Things to Consider

If you or someone you know is considering adopting a Great Dane, the following items should be considered first:

  • Great danes are considered companion dogs. They are people dogs and only want to please and be with their people. For that reason, great danes must be indoor dogs.  As with any dog, they go through stages of chewing and destructive behavior. But, because of their size, they can cause a lot of damage to a home, yard, or car without proper training and supervision.
  • Great Danes can weigh from 110 lbs. to 180 lbs. Their size and strength is hardly a match for someone not prepared for it. That is one reason we stress the importance of training at a young age. A 9 month old great dane “puppy” can weigh 80 lbs. to 100 lbs. An untrained 100 lb. dog can cause a lot of damage and anxiety.
  • Great danes grow until they are 18 to 24 months old. They can reach a height of 28″ to 38″ tall at the withers (top of the shoulder). If you stop to consider that in terms of feet, they are 2’4″ to 3’2″ tall before you consider the neck and head. That means that not only items on the table but also the counter and stove are within reach of an average sized great dane.
  • Great danes must eat a lot of food to sustain their energy and weight. Depending on the age of the dog, great danes typically eat between 6 and 12 cups of food a day of a quality dry dog food. Where a 40 lb. bag of food might last 6 months to 1 year for a 10 lb. dog, it lasts approximately 3 to 4 weeks for a great dane.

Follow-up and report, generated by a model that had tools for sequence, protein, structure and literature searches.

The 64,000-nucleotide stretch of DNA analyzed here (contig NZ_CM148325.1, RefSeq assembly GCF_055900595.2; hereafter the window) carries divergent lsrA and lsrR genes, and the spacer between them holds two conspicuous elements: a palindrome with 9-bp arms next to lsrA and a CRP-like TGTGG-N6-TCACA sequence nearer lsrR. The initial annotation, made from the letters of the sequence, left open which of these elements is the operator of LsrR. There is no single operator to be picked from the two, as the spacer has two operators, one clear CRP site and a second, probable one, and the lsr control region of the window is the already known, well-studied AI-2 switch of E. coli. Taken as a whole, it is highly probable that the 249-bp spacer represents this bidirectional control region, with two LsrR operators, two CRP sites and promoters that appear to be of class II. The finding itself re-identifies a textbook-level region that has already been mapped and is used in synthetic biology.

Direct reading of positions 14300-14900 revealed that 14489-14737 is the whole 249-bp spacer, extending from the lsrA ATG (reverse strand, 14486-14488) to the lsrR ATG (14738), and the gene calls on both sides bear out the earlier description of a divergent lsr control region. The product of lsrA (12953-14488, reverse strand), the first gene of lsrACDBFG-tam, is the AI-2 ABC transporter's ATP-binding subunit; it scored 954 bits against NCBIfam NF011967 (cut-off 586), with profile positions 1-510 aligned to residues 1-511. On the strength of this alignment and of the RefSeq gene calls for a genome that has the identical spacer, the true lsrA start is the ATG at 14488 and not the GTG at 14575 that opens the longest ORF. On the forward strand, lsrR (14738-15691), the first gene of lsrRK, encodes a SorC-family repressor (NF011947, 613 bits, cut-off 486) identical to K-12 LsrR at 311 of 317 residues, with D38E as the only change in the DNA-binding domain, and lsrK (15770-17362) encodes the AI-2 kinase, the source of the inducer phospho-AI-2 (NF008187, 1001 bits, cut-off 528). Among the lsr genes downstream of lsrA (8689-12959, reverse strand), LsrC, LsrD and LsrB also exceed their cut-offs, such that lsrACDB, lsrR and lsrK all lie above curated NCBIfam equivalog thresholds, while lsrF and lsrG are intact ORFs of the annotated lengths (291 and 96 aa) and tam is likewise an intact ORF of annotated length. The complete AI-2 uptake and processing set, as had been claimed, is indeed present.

• Unfortunately many veterinarian service costs are weight based. You must be prepared to pay higher veterinarian bills for a great dane than you would for a small dog.
  • If you are considering a great dane as an exercise companion, you might reconsider. Because great danes are not considered full grown until they are 18-24 months, jogging is not considered good for their joints. Even after they are full grown, it can be stressful on their large bodies.
  • A great dane, especially a puppy, has the energy and size to knock a child or older adult down during play. Training and supervision are always a must when children or older adults are present.
  • Great danes do not have an undercoat and should never be left outside for extended periods of time or considered outside dogs. They are susceptible to both cold and heat.